Transporters want road train permits extended

Rebecca TurnerCountryman
The West logo

A push to extend triple road train permits past Regans Ford to the Muchea Livestock Centre could provide significant animal welfare benefits for cattle as well as reduce freight costs for pastoralists.

While a spokesman for Transport Minister Troy Buswell said operation of triple road trains on this section of Brand Highway was not appropriate at this stage, industry has been pushing for Main Roads to allow a trial.

WA Livestock and Rural Transporters Association president Grant Robins does not agree.

Mr Robins said before the Muchea Livestock Centre was completed Apple Street in Middle Swan was the only other place on the journey south where triple road trains could stop to break down into smaller units, which would have created a safety factor for other motorists.

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He said the Muchea Livestock Centre now provided a viable and nearby alternative to Regans Ford and that since the completion of the Indian Ocean Drive the amount of traffic on the Brand Highway was reduced.

Mr Robins said extending triple road train permits to Muchea had the potential to save a minimum of three hours transport per consignment and provide huge animal welfare benefits.

Currently once triple road trains reach Regans Ford they have to stop and take off one trailer.

The cattle in the third trailer then have to wait for a second truck to collect them or for the original truck to return from offloading its other trailers.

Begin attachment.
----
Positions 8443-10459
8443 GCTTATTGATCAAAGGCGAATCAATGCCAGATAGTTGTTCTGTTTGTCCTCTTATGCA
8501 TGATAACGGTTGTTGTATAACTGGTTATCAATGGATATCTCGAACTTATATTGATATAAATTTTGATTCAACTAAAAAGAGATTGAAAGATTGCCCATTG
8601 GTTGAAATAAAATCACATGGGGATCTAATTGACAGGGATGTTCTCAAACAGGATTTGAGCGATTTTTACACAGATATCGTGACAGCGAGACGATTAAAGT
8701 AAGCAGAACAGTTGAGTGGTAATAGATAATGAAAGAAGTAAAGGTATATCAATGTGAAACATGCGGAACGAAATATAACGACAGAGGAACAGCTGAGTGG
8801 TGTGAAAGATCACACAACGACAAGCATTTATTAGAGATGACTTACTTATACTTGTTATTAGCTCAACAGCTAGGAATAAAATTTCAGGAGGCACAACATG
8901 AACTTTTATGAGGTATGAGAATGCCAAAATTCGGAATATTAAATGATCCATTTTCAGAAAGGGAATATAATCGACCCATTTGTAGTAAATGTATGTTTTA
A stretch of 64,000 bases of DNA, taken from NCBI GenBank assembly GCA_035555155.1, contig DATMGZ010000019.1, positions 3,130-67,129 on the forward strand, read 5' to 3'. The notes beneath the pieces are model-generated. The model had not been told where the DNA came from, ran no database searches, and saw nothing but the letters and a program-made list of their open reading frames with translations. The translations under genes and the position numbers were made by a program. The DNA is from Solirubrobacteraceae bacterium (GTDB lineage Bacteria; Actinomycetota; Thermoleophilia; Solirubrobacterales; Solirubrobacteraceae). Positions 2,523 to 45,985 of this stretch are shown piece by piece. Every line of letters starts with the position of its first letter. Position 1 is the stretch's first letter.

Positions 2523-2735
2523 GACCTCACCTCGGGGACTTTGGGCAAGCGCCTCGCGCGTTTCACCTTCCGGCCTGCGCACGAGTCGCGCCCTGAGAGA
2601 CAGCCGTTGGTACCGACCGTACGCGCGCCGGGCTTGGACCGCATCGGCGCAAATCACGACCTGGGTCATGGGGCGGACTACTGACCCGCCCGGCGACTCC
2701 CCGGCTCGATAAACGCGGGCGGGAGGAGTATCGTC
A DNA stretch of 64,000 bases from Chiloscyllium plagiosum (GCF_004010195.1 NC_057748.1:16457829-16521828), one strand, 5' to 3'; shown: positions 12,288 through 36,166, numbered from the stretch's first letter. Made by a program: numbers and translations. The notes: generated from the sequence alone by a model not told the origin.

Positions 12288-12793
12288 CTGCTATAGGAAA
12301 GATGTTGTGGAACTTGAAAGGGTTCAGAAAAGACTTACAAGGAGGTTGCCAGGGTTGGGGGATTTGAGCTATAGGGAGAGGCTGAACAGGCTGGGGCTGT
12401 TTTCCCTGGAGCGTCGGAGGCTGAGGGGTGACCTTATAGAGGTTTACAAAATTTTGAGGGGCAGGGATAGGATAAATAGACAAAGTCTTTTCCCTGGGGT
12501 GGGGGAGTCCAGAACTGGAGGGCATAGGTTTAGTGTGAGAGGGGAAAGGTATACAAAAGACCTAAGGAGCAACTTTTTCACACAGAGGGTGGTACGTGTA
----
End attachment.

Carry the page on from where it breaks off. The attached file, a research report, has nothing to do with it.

WA Meat Industry Association chief executive Renata Paliskis said she would be working with industry to put a proposal forward to Main Roads to trial the extension.

"From what I have heard using the Muchea Livestock Centre would be much safer for cattle and drivers than using the current end point of Regans Ford," Ms Paliskis said.

Leeds Cattle Transport owner John Leeds agreed a trial was needed to prove that extending permits to Muchea would not cause any problems for other motorists.

"It would mean the job of relocating cattle to saleyards would be over much quicker," Mr Leeds said.

"As well as the animal welfare benefits, costs to pastoralists would also be reduced."

Mr Leeds said high transport costs were becoming a big problem for the pastoral industry.

"I think we need to move forward on this, we have proven these units are not dangerous, it is time Transport Minister Troy Buswell looks at this and meets with northern operators and the pastoral industry," he said.

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